Palestinian resistance efforts have increased in relation to Israeli violence.

Most have been nonviolent. There are weekly nonviolent marches and demonstrations in towns and villages throughout the West Bank and a growing number in Gaza, as well. Often international nonviolence activists join these, including Israelis.

These demonstrations are inevitably met by Israeli military violence, and numerous participants have been injured, imprisoned, and killed. Some have been Americans.

There has also been armed resistance by diverse groups. Some have attempted to deliver bombs through the use of suicide bombers (Palestinians possess no aircraft or tanks); the average number killed by these has been approximately three per bombing.

Some Gaza groups began launching rockets at the end of 2001, long after some Gazan neighborhoods were in ruins from Israeli invasions and shelling. These are largely small, home-made projectiles, though some groups now possess more advanced Grad-type rockets. They have killed a total of approximately 20 Israelis.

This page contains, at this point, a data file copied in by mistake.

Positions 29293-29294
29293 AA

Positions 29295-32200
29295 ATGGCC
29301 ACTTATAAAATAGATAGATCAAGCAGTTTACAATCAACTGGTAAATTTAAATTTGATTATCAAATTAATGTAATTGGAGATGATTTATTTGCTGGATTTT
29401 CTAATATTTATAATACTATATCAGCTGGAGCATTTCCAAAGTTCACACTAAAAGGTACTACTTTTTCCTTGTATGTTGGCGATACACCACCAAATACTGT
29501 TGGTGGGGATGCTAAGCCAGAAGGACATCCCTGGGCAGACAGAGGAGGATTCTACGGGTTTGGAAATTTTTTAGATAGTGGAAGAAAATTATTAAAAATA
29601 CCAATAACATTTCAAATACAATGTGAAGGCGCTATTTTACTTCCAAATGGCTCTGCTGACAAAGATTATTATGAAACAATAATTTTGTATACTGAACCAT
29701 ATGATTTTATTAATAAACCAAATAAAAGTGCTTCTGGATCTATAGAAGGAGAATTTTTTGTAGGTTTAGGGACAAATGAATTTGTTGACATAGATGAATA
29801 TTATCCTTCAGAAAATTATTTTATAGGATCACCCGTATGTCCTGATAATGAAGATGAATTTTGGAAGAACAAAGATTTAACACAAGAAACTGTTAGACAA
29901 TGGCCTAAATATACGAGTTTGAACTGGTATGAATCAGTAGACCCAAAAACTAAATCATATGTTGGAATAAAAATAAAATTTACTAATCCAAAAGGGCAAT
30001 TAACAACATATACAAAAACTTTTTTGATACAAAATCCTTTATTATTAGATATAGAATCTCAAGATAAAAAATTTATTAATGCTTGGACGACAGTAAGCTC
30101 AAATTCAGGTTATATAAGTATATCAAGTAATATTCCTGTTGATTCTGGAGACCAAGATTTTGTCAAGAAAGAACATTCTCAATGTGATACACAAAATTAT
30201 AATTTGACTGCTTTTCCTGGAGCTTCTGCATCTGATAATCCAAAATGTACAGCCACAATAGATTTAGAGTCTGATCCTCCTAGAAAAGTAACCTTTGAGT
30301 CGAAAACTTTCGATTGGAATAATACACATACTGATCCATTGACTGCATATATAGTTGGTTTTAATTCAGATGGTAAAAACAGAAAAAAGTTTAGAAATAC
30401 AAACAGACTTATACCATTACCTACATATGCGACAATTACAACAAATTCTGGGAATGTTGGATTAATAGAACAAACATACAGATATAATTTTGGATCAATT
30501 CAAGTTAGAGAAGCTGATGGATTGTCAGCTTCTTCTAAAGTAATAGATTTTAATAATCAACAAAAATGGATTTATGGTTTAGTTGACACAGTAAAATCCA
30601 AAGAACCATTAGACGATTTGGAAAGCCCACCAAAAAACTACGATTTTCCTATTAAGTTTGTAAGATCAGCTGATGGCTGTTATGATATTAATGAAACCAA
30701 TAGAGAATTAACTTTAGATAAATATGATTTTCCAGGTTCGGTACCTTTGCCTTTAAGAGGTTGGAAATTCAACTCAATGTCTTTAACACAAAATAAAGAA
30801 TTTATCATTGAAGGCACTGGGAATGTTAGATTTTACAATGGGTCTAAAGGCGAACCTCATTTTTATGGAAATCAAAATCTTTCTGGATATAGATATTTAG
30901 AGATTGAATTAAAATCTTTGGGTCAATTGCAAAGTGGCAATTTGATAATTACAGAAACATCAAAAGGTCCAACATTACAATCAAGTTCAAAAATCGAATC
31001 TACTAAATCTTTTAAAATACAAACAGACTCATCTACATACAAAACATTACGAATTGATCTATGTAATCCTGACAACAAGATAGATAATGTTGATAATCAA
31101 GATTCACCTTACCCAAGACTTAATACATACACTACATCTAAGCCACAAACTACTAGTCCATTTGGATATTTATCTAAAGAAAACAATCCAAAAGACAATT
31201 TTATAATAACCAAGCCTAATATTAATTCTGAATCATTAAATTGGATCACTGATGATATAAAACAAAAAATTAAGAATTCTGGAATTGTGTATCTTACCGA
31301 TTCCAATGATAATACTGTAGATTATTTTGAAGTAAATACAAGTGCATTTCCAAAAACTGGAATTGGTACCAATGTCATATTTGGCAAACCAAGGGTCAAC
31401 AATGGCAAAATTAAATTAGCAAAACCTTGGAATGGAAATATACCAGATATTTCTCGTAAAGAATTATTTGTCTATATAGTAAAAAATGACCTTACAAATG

Deaths Among Both Populations

While US media depict Israeli violence as retaliatory, in reality, Israel has almost always initiated the violence.

For a complete list of everyone killed in this conflict since 2000 go here.

Below are charts of those killed since the 2000 uprising began.

Chart of Palestinians & Israelis killed 2000-2010



Palestinian & Israeli children killed 2000-2011

U.S. Involvement

Largely due to special-interest lobbying, U.S. taxpayers give Israel more than $8 million per day, and since its creation have given more U.S. funds to Israel than to any other nation. In addition, the US has consistently vetoed international efforts to end the violence.

Because of these actions, Americans are closely tied to this conflict. Most Americans are unaware of these significant connections, however, because they are so infrequently covered accurately by American news organizations.